This spectacular set features a quintessential selection of western sacred music that that will please one and all, from an inquisitive novice to a discerning connoisseur. It features a vast array of critically acclaimed recordings of more than seventy cornerstone works, ranging from the earliest Christian chants to gospel songs and Gershwin's blues. The performers include some of today's finest artists, including René Jacobs, Philippe Herreweghe, Paul Hillier and William Christie. Offered at a special low price, this limited edition set is packaged in a luxury clamshell style box containing 29 discs of music and one PDF disc with sung texts.
Some years ago a distinguished music professor said to me, "You must go and see Doktor Faust at English National Opera - you'll hear a second rank composer at the height of his powers". Backhanded though this compliment may seem, it was clearly conveyed with a spirit admiration and perhaps a tinge of surprise.
Features the latest remastering. Includes a Japanese description, lyrics, and bonus tracks. Features original cover artwork. The complete recordings done by John Coltrane for Bethlehem Records – mostly cut during December of 1957, and issued on the albums The Winner's Circle and Art Blakey Big Band! Both albums were a bit unusual for the label – in that The Winner's Circle was sort of a blowing/jam session type record, cut with some of the big poll winners of the year, but with shorter tracks than the usual Prestige-styled set of that nature. The lineup includes Donald Byrd, Al Cohn, Eddie Costa, Oscar Pettiford, and Philly Joe Jones – and Coltrane's a bit buried in the group, but gets out some nice licks from time to time.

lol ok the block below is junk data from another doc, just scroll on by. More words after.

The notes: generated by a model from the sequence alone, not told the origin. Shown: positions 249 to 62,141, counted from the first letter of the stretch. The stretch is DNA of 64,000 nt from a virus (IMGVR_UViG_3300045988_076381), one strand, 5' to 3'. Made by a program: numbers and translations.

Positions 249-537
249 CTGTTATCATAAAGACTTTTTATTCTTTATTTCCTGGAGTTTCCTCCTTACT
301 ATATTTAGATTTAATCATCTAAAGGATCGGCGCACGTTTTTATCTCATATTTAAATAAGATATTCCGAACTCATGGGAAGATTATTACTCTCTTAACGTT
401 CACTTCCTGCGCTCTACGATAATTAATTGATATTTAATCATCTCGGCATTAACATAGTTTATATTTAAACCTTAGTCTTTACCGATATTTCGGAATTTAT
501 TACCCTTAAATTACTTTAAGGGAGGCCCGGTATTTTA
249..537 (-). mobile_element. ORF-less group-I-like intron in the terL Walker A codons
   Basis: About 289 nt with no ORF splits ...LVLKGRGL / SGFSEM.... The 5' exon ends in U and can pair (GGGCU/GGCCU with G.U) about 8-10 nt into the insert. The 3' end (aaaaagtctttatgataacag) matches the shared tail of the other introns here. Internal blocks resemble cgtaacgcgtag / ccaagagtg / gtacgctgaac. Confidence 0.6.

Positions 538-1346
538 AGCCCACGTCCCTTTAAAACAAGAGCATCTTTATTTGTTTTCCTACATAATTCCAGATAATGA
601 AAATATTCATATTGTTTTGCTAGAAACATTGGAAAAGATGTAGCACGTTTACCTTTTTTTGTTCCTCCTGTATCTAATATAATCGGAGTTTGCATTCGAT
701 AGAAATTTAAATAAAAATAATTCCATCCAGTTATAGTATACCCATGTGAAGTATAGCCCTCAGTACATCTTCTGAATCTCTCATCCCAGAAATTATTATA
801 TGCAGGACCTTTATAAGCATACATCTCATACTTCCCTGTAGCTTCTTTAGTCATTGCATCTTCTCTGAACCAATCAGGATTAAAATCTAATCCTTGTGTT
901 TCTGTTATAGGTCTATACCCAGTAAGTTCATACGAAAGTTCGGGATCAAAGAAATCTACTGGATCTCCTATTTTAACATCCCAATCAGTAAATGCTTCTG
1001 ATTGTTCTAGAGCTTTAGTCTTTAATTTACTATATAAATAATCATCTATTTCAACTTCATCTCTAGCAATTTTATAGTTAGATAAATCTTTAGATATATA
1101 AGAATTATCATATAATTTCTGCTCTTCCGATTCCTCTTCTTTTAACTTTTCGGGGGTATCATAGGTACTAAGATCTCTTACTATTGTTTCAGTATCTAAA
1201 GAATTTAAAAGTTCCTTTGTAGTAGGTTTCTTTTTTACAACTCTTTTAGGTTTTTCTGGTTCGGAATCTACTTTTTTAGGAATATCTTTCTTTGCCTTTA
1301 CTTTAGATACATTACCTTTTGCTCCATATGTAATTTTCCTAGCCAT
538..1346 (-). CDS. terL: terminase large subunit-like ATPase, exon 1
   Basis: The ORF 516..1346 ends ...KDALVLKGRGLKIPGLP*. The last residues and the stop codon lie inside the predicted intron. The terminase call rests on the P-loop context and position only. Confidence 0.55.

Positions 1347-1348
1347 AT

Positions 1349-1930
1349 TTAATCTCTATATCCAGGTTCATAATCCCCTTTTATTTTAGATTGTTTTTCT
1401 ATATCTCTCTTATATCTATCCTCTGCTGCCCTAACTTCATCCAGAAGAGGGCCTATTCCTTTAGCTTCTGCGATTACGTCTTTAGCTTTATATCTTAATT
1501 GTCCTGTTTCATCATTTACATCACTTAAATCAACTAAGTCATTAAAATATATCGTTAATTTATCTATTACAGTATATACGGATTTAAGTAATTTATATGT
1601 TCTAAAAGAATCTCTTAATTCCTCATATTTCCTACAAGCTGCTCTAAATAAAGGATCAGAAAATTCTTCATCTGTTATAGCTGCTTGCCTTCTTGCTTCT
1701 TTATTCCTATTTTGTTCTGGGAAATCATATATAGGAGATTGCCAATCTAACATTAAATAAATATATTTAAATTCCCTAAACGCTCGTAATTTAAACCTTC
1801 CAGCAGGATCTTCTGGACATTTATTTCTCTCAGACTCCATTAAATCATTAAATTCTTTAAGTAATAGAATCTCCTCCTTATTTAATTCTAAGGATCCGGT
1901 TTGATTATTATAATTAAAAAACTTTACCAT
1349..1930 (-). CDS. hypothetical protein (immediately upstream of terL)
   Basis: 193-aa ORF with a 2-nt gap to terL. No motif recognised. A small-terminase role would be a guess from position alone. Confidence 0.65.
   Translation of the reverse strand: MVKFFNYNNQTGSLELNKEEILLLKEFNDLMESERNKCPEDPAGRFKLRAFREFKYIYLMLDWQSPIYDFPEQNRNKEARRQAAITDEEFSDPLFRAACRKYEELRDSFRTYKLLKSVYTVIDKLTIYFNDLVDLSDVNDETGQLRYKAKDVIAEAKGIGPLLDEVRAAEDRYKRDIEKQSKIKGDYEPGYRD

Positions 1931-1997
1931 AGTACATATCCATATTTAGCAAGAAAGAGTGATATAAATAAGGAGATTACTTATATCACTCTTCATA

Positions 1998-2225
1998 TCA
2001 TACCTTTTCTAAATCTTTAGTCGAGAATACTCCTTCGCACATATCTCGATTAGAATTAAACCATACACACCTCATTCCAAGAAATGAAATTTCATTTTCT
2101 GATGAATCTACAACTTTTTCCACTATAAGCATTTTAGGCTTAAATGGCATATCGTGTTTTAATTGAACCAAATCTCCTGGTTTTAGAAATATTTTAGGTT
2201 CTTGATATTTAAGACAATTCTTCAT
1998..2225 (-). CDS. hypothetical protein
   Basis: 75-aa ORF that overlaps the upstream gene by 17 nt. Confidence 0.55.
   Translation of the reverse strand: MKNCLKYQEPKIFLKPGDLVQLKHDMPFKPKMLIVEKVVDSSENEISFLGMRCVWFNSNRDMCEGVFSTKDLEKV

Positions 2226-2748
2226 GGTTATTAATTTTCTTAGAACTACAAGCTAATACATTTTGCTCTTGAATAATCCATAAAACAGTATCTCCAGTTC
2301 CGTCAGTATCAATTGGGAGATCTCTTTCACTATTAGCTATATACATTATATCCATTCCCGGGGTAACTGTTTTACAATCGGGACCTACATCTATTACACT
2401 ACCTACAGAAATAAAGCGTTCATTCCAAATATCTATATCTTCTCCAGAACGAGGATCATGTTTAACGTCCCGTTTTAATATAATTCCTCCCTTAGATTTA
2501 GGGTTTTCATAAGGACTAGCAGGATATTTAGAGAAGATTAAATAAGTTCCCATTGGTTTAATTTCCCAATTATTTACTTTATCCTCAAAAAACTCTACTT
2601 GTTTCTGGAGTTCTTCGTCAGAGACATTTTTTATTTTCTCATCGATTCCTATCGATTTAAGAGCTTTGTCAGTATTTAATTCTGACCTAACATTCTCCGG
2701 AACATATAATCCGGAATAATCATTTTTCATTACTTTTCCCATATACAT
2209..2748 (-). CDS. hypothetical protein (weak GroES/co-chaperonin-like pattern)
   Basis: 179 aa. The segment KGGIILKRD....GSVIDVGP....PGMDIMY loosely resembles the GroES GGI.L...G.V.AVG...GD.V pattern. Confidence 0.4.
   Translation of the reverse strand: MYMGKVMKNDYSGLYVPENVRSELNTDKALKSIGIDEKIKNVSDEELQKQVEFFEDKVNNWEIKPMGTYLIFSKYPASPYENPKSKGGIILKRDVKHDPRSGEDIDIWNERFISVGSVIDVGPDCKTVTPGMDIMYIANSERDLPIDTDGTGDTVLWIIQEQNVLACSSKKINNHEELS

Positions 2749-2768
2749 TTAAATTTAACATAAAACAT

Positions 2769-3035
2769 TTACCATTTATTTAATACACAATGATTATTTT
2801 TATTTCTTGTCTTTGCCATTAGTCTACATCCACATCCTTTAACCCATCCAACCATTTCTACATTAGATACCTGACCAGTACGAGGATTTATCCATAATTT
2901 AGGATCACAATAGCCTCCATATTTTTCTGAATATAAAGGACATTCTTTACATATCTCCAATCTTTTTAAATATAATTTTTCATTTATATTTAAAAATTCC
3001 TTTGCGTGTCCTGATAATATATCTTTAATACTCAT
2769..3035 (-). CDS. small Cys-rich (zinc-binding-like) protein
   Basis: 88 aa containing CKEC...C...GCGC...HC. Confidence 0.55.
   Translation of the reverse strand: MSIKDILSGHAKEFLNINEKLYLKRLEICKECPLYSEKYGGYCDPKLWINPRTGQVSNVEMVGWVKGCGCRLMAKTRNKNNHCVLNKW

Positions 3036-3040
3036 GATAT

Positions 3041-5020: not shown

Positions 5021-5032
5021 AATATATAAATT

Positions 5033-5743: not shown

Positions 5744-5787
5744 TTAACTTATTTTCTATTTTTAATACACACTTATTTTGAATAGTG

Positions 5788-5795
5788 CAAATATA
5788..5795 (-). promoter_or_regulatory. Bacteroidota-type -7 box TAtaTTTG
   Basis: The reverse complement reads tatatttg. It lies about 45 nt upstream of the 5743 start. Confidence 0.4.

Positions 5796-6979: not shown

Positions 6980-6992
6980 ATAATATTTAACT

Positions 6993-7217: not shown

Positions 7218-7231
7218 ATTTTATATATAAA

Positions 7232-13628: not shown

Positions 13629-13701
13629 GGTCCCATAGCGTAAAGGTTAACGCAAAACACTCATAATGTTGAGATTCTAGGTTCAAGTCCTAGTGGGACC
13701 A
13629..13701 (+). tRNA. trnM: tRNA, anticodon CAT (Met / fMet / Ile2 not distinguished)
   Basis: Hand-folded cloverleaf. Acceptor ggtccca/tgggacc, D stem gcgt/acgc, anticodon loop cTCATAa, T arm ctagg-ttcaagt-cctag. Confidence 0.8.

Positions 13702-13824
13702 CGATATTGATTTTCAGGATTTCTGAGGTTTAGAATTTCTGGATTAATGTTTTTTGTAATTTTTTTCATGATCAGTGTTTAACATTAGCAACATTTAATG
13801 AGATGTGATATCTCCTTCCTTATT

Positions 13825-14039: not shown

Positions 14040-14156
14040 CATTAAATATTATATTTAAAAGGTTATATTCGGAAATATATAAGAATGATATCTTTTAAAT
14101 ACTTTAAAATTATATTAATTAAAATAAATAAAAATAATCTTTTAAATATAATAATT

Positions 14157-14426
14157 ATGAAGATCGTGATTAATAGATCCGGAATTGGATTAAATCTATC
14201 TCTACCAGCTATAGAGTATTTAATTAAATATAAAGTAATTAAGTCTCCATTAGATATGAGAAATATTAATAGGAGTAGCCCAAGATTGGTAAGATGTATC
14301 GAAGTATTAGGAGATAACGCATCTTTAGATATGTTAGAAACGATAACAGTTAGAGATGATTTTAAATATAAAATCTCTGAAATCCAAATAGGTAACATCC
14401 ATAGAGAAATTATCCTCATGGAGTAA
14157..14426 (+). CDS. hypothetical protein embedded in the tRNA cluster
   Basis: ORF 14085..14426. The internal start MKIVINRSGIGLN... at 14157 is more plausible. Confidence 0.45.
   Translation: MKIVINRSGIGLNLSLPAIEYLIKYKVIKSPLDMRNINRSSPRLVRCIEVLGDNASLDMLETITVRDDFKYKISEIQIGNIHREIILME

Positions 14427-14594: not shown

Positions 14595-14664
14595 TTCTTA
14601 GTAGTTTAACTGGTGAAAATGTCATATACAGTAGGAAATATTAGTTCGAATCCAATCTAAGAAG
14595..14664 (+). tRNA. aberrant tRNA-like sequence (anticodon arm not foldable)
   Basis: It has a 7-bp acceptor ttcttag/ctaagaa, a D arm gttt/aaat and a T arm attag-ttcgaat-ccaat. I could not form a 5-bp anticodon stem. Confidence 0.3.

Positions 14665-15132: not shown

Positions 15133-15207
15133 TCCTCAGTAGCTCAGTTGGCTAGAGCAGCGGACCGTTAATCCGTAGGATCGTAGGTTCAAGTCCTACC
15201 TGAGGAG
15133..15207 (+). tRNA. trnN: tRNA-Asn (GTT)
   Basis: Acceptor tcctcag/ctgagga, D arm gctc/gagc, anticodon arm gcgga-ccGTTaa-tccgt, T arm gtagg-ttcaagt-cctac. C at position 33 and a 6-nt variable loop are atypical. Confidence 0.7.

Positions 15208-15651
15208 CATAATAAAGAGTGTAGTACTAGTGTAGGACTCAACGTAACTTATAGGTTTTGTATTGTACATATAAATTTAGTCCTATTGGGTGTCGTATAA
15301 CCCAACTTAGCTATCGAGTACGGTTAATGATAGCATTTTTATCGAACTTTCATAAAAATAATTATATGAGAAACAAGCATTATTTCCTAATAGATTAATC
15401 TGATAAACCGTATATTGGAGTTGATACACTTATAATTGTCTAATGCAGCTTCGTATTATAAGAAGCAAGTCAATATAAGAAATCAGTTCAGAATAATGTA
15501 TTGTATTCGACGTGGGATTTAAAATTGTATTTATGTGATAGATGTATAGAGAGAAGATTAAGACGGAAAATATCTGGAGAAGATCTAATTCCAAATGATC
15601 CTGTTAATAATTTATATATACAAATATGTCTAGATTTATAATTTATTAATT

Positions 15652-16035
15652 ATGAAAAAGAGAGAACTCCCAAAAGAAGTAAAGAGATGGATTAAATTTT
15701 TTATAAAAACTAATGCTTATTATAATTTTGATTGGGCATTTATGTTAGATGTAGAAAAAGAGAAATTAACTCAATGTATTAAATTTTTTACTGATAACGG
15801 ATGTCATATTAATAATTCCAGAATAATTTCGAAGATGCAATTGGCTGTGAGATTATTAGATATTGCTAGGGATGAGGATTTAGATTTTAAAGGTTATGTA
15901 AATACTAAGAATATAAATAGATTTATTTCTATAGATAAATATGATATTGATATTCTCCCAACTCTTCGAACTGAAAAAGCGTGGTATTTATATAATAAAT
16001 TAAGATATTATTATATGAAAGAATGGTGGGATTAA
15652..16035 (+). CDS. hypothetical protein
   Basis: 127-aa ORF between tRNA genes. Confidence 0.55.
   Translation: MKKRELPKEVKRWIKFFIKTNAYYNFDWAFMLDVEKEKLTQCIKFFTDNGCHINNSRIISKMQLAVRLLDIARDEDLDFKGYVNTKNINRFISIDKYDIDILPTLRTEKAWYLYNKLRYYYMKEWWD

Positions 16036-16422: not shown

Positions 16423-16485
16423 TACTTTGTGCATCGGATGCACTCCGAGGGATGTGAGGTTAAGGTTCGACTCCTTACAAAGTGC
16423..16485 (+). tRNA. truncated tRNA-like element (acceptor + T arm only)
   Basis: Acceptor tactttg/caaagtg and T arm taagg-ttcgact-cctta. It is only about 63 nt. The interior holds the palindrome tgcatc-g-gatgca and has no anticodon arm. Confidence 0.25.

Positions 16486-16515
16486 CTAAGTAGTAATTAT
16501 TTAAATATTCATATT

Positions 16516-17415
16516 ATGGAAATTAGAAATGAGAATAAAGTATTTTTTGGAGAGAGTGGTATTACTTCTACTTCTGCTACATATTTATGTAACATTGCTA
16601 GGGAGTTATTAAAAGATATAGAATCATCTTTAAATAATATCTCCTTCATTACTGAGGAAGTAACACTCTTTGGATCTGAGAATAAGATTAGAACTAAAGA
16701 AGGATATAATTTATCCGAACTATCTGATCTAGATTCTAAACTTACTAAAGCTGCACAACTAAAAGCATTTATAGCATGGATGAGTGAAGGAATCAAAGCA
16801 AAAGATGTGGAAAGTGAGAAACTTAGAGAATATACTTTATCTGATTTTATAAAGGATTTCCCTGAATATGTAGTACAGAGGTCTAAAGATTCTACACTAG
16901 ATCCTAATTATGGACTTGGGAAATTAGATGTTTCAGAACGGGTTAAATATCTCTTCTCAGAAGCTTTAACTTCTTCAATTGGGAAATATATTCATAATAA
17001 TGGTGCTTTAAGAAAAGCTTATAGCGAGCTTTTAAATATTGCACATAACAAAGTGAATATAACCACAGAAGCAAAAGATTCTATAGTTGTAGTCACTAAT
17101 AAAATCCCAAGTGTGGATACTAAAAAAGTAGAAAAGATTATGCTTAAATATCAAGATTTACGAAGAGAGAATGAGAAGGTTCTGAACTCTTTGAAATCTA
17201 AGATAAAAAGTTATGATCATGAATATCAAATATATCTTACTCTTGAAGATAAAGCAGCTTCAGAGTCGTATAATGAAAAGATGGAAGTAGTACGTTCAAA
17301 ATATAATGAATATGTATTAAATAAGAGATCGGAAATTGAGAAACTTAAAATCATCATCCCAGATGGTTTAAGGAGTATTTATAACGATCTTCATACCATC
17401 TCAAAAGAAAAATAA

Reissue with the latest DSD remastering. A strong 70s recording by a group that was mostly known as the Cedar Walton trio – the group of Sam Jones on bass, Walton on piano, and Billy Higgins on drums – recorded only for the Japanese market, and a heck of a record! The set's got one standout feature that sets it apart from some of the other sides by the Walton group at the time – the use of a string quartet on a few of the tracks, which creates some great interplay between the core trio and the augmented strings.